SEOUL, Oct. 9 (Korea Bizwire) –As walking along Cheonggyecheon, a stream that runs through downtown Seoul, you meet many used bookstores where books are piled up like towers. Now only 25 bookstores remain, unlike 200 in their heyday, 1960s through 1970s. Moreover, there are only about 100 secondhand bookstores in the Seoul metro area.
Although the street of used bookstores, located on the first floor of Pyeongwha (Peace) Market, is a symbolic place and hidden jewel in Seoul, they barely keep themselves in existence. However, to our delight the 25 bookstores have given each store sign a brand new look with their own Korean name and are waiting for visitors.
The Seoul Metro Government, Naver, a leading search portal in South Korea, and the Naver Cultural Foundation have collaborated in changing the 25 bookstore signs in order for the public to relish the beauty of Hangul, the Korean alphabet featuring 24 consonant and vowel letters, as well as in order to restore the bookstores as cultural spaces.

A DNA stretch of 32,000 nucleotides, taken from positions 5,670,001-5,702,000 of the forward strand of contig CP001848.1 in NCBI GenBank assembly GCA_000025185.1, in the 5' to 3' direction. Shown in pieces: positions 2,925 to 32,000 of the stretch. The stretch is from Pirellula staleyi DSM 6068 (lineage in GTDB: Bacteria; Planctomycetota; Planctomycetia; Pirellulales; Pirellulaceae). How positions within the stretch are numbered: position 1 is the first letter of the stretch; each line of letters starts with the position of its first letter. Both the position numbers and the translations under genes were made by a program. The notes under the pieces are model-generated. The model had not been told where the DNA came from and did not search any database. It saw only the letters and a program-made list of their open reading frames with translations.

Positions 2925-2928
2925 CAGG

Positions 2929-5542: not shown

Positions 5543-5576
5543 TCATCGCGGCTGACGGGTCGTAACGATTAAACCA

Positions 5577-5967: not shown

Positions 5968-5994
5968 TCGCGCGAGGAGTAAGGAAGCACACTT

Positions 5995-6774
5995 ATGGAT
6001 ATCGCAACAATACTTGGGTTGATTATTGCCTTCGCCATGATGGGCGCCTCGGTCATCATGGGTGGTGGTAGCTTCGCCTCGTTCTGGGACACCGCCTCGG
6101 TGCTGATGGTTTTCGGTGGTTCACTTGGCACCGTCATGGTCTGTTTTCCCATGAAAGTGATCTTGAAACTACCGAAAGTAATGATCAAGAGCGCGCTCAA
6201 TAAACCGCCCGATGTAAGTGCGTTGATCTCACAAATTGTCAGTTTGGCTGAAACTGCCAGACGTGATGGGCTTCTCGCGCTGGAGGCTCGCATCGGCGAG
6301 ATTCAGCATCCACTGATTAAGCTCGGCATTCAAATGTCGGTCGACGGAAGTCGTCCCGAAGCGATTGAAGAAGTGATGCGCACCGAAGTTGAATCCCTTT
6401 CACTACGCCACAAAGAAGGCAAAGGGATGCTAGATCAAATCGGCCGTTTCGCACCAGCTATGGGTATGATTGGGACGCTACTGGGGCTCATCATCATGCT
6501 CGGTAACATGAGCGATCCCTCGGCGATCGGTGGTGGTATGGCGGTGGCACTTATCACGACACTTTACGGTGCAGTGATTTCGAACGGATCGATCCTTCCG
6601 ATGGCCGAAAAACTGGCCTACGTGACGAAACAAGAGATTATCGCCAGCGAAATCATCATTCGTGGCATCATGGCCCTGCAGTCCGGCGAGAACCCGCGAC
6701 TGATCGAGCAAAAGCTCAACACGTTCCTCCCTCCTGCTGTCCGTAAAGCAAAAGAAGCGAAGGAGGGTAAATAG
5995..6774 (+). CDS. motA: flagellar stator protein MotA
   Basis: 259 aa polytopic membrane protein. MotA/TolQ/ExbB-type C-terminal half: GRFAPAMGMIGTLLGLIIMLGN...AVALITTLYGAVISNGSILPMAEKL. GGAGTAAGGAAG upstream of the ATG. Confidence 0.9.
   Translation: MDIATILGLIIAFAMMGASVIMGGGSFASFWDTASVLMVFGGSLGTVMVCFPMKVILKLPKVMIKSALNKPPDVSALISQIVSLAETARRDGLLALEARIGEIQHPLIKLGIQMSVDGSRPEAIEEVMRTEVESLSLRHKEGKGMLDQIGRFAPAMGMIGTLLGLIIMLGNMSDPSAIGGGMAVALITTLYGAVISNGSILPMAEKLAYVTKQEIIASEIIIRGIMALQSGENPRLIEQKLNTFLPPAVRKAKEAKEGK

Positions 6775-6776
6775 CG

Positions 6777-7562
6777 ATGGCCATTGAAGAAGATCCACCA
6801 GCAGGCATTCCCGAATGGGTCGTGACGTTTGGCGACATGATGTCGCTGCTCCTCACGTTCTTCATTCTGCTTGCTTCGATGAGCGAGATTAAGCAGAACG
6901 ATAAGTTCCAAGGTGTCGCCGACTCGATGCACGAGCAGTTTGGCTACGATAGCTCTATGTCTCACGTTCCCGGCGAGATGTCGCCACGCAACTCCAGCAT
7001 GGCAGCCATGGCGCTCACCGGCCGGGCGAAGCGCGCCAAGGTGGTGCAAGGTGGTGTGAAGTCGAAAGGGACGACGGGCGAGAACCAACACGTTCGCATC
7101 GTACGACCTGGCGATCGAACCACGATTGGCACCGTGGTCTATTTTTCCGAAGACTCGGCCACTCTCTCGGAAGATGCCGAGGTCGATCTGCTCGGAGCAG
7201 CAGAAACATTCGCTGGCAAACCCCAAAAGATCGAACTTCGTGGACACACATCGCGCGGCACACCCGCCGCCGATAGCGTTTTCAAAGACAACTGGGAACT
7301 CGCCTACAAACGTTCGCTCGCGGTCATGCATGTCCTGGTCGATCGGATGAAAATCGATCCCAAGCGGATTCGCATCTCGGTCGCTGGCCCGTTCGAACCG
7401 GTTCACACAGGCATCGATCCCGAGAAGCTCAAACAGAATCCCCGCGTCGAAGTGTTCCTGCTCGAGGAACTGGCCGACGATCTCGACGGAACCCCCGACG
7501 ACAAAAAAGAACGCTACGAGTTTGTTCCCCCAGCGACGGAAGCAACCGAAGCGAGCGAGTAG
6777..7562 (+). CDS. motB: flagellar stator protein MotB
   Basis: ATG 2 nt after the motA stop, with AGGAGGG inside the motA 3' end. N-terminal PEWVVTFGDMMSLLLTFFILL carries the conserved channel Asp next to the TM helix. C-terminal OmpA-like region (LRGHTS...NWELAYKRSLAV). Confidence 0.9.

“Although secondhand bookstores are cultural reservoirs that hold the history of the city and our stories, they are enduring a very difficult time to the extent that now there are only 25 secondhand bookstores near Cheonggyecheon,” said Lee, Yong-hoon, director of the Seoul Metropolitan Library.
“But I wish the collaborative efforts of Naver and the Seoul Metro Government to invigorate the secondhand bookstores in Seoul would be able to generate the hope for all of us.” he added.
By Eugene Yu (firstname.lastname@example.org)